In examining Motion Picture Story Magazine, Fuller describes a change in content that occurred in the late teen/early 20’s. The magazine that used to be filled with technical descriptions of filmmaking, behind-the-scenes looks, and large sections dedicated to fan participation started to disappear and were replaced by stories about actors and actresses and even things like “Ladies fads and fancies.” This shift seems relevant to me because it shows two different types of film fans, the technical, sophisticated, and somewhat pretentious fan versus the simpler, more consumer driven fan. I think that today both fan still exists. With the first type of fan being the one who follows film blogs, reads very specific magazines, and participates in group activities related to fandom whether that be online or at festivals/conferences. The other type of fan is maybe more likely to read gossip magazines about what celebrity lives are like. What I found interesting about the shift of Motion Picture Story Magazine was that while I know that there is a market for both types of fan (as is made clear by present times) the magazine editors found the latter type of fan to be the one that could make them more money. This theme of heavy consumerism amongst fans was further illustrated in Fuller’s next chapter about Photoplay magazine and how it ended up being a very influenced by advertising (and vise versa how advertising was affected by the introduction of film fan magazines).
Pattullo brings up a very interesting comparison that seems so very relevant to our class discussions about the integration of spectacle and narrative. While I am no expert on musicals, Gene Kelley, or Busby Berkeley, the works that I have seen from both choreographers and Pattullo’s descriptions were very helpful in visualizing and analyzing Pattullo’s point.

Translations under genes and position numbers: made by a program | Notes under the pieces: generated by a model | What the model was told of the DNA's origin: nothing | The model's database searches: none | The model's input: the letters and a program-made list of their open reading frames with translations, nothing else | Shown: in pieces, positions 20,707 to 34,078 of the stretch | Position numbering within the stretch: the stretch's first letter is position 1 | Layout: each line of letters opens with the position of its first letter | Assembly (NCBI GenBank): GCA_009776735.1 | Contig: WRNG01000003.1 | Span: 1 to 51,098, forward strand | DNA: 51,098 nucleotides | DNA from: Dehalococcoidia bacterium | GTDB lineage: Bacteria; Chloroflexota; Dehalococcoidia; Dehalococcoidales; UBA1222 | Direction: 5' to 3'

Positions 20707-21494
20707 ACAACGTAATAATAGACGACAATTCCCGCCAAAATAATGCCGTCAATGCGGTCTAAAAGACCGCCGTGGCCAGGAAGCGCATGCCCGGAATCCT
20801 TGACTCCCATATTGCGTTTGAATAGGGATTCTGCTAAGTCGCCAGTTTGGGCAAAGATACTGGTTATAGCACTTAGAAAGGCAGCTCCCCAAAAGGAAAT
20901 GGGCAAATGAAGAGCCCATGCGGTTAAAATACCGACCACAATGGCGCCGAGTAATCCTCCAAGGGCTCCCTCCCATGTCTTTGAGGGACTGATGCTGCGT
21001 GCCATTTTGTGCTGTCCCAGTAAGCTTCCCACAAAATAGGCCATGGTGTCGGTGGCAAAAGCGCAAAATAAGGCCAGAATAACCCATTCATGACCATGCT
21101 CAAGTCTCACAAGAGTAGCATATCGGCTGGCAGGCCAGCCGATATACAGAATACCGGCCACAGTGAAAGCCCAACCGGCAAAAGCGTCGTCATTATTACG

When it comes to the integration of spectacle into the narrative of a film we have already examined how the two started off as very separate concepts that began to work together more and more during the evolution of early cinema. A common occurrence that we have seen in many of our screenings so far are elements of spectacle and astonishment loosely connected by a narrative. This is seen when comedic bits or special effects have a spectacle all on their own but are strung together by a narrative. While I would not simplify the works of Berkeley to such an extreme, this is closer to how I would describe his show-within-a-show, “backstage” musical. Musical numbers are choreographed and stand on their own, and often times take place on a stage our in a studio. The audience gets hooked in to the story and a feeling of participation because of their behind-the-scenes point of view. They then feel more active when the numbers are performed, almost as if the spectacle that is being presented had something to do with them. This effect is one that could only work in the aggregated style of spectacle and narrative that Berkeley uses.
Gene Kelley on the other hand worked harder to make the spectacle of the musical numbers come about smoothly and organically within the narrative. This allows the characters to actually further the narrative with their dancing, and to express strong emotion through spectacle. While this is a very strong approach and one that works well within Hollywood, it does not necessarily have the same audience participation effect. I am excited to watch “Singing in the Rain!”